Sofia city guide
Bulgaria has always had a reputation for cheap holidays. Now, with Brexit finally becoming reality, and the Euro exchange rate poor, it may be time to think cheap. For most Brits the go-to Bulgarian destination is Sunny Beach, but Sofia has much to offer in the way of food, drink, culture, and history.
Sofia is the capital and largest city of Bulgaria. It’s located at the foot of Vitosha Mountain and in between the Black Sea and the Adriatic, slap-bang in the middle of the Balkans. The city is home to temples of the three major religions of the world: Sveta Nedelya Church, Banya Bashi Mosque and Sofia Synagogue.
Sofia’s original name was Serdica, derived from the Thracian name for the Serdi tribe who resided here. Variants of this name continued until the 14th Century when the city began to be known as Sofia, the name coming from the Saint Sofia Church. Today you will find a statue of Saint Sofia standing proudly on a 48 foot pedestal where Lenin once stood above Serdika underground station on Todor Alexandrov boulevard. The city is heavily influenced by the Romans, who have left remains throughout the city. As is usual throughout Europe, Sofia changed hands regularly, with Byzantium control, Magyars, Serbs and Crusaders and finally the Turks in 1382, who ruled for the next 500 years.
The collapse of the Ottoman Empire meant freedom but also economic depression. In 1878, Sofia was made the capital of Bulgaria and the city progressed with modern infrastructure such as electricity and new water systems. Fast forward to the second world war and Bulgaria sided with Germany, declaring war on the US and UK. This caused bombings in the city with the loss of thousands of buildings. The Soviet Army invaded in 1944 and Bulgaria became the People’s Republic of Bulgaria, which was Communist-controlled until the creation of the Republic of Bulgaria in 1990.
There are the standard shopping malls such as the Mall of Sofia, Serdika Center, City Center Sofia, and Paradise Center, with the usual restaurants and fashionable clothing shops. Vitosha Boulevard is where the high-end shopping of Sofia takes place. Here you will find Dolce & Gabbana and Gucci as well as a smattering of cafes and bars to pose in. For something a little more individual, Vintage Sofia (Tzar Asen Str) is a small shop which designs their own clothing, inspired by 1940s and 1950s styles.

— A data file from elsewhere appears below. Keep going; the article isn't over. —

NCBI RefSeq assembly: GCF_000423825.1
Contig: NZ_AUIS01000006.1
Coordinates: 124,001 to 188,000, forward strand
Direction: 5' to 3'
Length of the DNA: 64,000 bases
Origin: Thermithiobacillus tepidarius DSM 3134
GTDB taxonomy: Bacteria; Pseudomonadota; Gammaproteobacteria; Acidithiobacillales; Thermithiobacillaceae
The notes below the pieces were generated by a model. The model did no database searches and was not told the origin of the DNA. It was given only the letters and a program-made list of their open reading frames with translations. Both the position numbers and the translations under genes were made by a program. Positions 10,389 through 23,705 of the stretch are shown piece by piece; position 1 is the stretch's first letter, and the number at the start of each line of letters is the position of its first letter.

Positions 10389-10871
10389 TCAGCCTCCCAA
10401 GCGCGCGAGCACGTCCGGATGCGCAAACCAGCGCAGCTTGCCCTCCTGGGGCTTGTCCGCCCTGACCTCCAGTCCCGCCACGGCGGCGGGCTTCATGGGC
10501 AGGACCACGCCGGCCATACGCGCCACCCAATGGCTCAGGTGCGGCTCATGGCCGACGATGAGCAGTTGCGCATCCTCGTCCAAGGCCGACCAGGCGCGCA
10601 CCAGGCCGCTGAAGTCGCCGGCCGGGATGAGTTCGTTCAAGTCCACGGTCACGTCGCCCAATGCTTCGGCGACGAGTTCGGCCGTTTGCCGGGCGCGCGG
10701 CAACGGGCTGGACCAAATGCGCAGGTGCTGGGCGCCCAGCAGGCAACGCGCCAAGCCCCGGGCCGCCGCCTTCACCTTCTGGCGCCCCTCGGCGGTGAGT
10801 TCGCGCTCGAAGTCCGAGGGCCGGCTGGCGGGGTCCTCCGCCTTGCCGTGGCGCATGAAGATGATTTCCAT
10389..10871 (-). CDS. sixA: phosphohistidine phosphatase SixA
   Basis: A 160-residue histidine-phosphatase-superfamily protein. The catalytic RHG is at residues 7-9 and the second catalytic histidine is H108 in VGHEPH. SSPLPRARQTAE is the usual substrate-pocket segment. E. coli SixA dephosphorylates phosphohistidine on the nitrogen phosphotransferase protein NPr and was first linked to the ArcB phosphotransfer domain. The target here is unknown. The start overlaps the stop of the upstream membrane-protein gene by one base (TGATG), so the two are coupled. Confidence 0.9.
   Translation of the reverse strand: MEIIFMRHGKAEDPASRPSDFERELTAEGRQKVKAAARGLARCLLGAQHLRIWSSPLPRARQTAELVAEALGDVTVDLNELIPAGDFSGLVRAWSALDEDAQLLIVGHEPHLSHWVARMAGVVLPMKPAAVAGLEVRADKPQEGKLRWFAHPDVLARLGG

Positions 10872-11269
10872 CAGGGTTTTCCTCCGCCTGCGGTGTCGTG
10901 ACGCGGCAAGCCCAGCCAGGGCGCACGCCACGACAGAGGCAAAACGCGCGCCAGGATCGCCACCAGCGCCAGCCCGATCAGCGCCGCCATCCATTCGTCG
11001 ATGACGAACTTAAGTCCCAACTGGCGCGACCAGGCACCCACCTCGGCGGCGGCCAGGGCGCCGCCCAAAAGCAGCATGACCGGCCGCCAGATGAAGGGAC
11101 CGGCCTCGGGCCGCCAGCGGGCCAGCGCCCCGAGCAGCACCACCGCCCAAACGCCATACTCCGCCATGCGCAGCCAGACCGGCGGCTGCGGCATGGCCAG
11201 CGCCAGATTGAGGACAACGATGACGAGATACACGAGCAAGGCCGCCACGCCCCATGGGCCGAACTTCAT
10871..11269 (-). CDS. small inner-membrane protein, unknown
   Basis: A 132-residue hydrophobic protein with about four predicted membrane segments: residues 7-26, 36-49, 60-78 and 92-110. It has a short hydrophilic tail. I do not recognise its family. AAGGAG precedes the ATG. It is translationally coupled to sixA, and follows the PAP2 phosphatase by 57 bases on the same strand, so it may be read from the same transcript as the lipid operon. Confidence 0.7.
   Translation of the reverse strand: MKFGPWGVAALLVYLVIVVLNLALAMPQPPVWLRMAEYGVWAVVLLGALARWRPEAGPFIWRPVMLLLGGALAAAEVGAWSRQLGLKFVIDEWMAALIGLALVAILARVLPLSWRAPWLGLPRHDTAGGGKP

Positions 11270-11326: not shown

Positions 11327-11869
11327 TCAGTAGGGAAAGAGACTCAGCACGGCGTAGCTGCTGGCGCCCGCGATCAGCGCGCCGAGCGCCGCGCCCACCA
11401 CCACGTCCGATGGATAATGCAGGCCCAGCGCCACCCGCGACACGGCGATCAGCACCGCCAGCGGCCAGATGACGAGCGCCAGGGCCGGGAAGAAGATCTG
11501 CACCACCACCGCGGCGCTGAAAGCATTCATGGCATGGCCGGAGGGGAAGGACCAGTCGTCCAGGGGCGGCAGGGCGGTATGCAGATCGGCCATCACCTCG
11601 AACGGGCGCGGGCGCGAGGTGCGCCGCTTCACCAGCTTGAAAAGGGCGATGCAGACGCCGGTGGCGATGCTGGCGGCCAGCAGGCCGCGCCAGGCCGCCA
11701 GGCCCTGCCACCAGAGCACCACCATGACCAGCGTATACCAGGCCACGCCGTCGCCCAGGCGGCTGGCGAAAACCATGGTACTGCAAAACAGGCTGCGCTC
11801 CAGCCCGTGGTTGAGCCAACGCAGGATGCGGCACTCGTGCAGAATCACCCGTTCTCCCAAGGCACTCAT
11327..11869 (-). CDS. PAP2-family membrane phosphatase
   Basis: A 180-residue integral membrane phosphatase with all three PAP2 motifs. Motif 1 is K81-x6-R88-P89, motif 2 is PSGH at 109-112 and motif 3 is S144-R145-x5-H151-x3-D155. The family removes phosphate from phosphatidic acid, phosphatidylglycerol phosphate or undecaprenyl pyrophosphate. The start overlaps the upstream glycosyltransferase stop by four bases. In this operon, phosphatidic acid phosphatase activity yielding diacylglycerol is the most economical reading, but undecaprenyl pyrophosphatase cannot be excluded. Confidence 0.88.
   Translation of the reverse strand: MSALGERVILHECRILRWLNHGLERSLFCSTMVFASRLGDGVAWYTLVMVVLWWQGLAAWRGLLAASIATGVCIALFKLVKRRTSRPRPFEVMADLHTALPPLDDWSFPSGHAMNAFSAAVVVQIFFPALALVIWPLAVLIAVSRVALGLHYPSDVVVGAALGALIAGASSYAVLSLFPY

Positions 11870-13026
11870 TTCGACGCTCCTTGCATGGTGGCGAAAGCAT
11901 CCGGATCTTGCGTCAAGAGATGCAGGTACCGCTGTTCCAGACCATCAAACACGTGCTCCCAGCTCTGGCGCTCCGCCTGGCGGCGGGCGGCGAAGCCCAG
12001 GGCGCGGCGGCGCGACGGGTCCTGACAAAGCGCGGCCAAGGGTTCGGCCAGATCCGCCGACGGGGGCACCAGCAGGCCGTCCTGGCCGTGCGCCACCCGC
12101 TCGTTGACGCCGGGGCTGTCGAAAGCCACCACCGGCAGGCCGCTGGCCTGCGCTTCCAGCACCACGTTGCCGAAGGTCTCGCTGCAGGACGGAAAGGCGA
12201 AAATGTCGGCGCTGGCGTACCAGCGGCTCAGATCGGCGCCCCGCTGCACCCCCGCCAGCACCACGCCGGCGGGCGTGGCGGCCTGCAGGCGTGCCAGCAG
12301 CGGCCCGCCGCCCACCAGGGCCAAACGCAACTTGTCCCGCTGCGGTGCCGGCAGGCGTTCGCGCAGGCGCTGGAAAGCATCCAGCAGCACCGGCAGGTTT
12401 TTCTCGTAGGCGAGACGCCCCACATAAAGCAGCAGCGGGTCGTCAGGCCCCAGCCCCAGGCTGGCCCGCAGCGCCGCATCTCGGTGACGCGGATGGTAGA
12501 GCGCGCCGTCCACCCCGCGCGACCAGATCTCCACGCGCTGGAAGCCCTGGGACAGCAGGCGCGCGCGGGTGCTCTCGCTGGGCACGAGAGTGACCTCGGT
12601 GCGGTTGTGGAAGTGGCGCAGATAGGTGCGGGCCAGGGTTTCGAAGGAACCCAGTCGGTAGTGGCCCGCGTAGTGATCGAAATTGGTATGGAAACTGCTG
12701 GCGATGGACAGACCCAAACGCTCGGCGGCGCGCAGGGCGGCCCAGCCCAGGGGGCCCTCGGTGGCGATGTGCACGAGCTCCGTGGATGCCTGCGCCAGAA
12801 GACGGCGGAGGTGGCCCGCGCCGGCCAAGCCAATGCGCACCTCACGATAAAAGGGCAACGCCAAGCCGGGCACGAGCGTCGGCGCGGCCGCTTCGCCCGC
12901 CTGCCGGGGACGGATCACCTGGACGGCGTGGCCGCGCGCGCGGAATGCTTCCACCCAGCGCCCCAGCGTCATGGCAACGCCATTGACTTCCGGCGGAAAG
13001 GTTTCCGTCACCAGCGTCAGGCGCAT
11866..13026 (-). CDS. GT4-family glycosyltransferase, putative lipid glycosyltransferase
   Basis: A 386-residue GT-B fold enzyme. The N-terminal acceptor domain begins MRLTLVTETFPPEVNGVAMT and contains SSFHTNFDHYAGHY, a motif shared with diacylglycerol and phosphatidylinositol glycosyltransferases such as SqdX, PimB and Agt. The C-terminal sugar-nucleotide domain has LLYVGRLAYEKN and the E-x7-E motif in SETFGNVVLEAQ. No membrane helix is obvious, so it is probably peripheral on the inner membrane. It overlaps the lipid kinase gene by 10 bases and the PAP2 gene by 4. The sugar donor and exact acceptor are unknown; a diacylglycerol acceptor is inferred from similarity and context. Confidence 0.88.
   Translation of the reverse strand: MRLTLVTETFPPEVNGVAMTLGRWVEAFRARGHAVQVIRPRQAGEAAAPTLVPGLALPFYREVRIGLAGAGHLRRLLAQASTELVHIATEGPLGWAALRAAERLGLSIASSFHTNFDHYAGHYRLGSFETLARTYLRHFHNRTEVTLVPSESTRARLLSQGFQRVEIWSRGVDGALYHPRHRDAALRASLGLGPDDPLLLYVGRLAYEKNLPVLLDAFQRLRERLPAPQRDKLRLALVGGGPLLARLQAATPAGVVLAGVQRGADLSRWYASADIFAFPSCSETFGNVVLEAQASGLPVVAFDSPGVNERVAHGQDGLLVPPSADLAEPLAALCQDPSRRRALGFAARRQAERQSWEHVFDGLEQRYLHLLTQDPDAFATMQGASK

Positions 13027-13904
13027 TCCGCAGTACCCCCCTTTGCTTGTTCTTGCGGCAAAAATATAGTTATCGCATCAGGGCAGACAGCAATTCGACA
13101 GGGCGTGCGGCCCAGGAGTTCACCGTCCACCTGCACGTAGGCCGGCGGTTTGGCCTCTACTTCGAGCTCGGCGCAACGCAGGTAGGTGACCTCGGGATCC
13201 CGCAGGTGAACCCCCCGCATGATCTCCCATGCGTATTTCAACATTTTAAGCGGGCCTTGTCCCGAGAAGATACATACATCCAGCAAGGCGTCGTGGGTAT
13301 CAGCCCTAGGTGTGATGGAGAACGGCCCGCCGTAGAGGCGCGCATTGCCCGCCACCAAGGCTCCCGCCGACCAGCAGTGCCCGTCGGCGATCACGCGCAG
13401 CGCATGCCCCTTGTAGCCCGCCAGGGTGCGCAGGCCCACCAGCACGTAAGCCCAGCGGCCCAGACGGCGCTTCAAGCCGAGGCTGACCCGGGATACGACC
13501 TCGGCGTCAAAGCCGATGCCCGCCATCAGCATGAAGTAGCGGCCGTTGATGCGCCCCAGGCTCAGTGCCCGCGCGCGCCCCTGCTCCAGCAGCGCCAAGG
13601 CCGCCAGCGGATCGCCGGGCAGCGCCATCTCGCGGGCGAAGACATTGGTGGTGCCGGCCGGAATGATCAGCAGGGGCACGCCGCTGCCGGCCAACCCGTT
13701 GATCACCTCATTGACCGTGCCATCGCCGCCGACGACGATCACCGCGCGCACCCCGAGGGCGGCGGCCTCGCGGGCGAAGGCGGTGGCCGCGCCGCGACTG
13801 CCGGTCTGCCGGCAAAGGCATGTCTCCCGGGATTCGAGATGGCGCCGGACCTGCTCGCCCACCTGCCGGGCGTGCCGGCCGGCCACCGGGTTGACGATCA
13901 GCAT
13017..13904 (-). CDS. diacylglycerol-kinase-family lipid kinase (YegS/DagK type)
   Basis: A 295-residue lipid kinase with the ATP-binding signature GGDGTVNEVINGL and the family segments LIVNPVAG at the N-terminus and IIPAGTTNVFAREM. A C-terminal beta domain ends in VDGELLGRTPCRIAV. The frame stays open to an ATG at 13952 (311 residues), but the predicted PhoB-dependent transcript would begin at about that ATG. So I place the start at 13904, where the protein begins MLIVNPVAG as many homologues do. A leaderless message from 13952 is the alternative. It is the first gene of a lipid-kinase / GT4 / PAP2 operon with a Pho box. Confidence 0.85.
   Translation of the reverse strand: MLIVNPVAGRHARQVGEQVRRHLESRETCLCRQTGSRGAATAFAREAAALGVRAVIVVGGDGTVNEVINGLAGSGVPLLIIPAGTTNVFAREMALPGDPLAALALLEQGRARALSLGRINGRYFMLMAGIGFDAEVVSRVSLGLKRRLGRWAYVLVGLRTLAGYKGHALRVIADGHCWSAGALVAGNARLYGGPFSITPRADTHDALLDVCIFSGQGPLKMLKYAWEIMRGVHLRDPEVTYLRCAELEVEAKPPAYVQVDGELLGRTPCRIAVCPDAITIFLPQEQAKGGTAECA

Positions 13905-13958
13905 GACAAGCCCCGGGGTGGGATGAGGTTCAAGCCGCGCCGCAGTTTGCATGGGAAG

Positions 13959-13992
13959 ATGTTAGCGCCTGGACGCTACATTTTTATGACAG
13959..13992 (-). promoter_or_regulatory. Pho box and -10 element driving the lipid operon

If you are hungry and love cheese, then a visit to Dobrev’s is a must. It’s a chain of dairies dotted around the city, with piles of Bulgarian-produced cheese for you to buy for later or have in a sandwich on the premises.
Book lovers are covered (or not!) with the open-air book market (Ploshtad Slaveykov). This is a place for bibliophiles even if you can’t speak Bulgarian. Every type of book can be found here, from rarities to art and design books.
Also look out for the tiny shops under street level dotted around the city. These are kiosks with all the drinks and snacks for sale clearly visible from the window display but where you need to bend down to see the cashier and pay for your goods.
Rakia is the famous Balkan brandy; if you haven’t tried it then you must. Raketa Rakia Bar (ul Yanko Sakazov 17) is not only full of the stuff, it is also filled with Soviet memorabilia. You can buy Rakia pretty much everywhere, however, the quality can vary a lot so remember to line your stomach with some food first. Hambara Bar (6 Septemvri Str) is tucked away in a side alley and you have to seek out the correct door to gain access. This unique bar is not only underground but is lit only by candlelight. If beer is your tipple, and you like to discover as many different kinds as you can, then head to Vitamin B (Angel Kanchev St). It’s not the cheapest of places, quite expensive in fact by Bulgarian standards, but that’s what it is like the world over, it seems, as far as craft beer goes. Here we drank through many a glass of Mikkeller and To Ol. There are around 150 different bottled beers on sale here.